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Bartlett, IL -- Illinois had 104 civilian residential fire deaths in 2014, up 9% from 2013. In 2015, Illinois has already seen 8 fire-related deaths.
"Our state continues to average 100 civilian fire deaths each year, but the reality is that fire sprinklers can prevent these needless deaths," said Bartlett Fire Protection Assistant Chief Mike Figolah. "A fire sprinkler puts water on a fire while it is still small, which keeps it from spreading and allows residents to safely escape."
According to studies done by the Underwriters Laboratories and the National Institute of Standards and Technology, new homes have more unique fire hazards than older homes. The lightweight materials - engineered floor systems, synthetic insulation, foam sheathing, and double-glazed windows - allow fire to spread faster. Additionally, the contents of the home are flammable and produce toxic smoke.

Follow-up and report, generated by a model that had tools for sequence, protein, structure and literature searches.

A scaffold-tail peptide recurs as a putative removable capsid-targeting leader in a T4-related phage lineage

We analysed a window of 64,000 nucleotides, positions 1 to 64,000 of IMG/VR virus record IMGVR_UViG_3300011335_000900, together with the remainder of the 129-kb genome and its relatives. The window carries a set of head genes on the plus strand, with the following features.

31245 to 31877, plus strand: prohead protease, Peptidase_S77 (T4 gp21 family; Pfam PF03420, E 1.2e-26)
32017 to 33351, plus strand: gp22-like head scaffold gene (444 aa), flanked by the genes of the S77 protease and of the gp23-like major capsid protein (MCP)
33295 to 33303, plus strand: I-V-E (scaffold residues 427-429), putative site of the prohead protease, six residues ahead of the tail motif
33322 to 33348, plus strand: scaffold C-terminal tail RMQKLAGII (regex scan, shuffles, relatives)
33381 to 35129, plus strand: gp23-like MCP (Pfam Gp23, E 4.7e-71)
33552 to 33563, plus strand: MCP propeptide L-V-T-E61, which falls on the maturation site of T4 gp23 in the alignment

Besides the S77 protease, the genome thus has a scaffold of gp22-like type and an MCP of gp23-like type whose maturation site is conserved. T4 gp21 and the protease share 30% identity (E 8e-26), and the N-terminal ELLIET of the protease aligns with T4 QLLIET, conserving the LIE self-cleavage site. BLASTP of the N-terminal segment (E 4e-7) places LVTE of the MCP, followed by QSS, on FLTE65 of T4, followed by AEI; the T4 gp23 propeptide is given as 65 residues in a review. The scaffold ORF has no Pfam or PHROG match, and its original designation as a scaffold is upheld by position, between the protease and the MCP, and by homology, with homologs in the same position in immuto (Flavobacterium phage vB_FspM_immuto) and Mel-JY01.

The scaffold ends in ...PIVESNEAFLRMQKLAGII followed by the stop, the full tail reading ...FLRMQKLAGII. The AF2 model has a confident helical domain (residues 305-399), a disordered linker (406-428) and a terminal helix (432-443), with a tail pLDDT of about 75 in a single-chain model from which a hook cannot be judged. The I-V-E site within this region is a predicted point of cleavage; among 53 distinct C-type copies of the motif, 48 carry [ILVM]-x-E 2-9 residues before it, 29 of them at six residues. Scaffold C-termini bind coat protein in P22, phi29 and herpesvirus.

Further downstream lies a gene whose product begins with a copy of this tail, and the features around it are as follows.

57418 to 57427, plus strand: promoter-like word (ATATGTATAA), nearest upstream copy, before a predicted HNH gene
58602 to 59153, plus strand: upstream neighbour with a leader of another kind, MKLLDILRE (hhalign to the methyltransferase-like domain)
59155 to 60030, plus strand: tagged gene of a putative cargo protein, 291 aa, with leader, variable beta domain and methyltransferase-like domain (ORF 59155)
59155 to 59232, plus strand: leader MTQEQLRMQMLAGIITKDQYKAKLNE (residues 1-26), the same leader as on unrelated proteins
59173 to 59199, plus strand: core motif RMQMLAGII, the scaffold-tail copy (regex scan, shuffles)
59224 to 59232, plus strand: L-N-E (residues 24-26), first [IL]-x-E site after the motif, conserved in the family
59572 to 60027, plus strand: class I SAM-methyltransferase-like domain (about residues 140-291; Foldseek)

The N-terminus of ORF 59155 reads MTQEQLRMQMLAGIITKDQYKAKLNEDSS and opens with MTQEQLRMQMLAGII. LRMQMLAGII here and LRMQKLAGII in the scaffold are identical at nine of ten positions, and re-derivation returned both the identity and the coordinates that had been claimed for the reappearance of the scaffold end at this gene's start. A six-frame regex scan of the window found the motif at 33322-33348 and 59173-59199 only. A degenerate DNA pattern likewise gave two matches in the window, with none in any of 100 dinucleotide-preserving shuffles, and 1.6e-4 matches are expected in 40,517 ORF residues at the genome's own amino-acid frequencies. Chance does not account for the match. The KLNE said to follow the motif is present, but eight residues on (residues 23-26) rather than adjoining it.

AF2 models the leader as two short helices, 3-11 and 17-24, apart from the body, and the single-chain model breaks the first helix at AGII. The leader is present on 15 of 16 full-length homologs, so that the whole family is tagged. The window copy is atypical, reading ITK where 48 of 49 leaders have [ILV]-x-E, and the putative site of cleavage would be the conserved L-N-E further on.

"Ninety-two percent of structural fire deaths occur in homes where people believe they are safest. Yet when a home is built without fire sprinklers, countless generations lose out on the best fire protection available," says Figolah.
At this time, 100 Illinois communities require fire sprinklers in new construction homes, but thousands of homes are built without them.
Figolah closes with, "Our goal is to educate the public about fire sprinklers so they know fire sprinklers are an option in homes and they understand the life and property saving benefits fire sprinklers provide. In doing so, we can begin reducing the lives lost to fire in Illinois."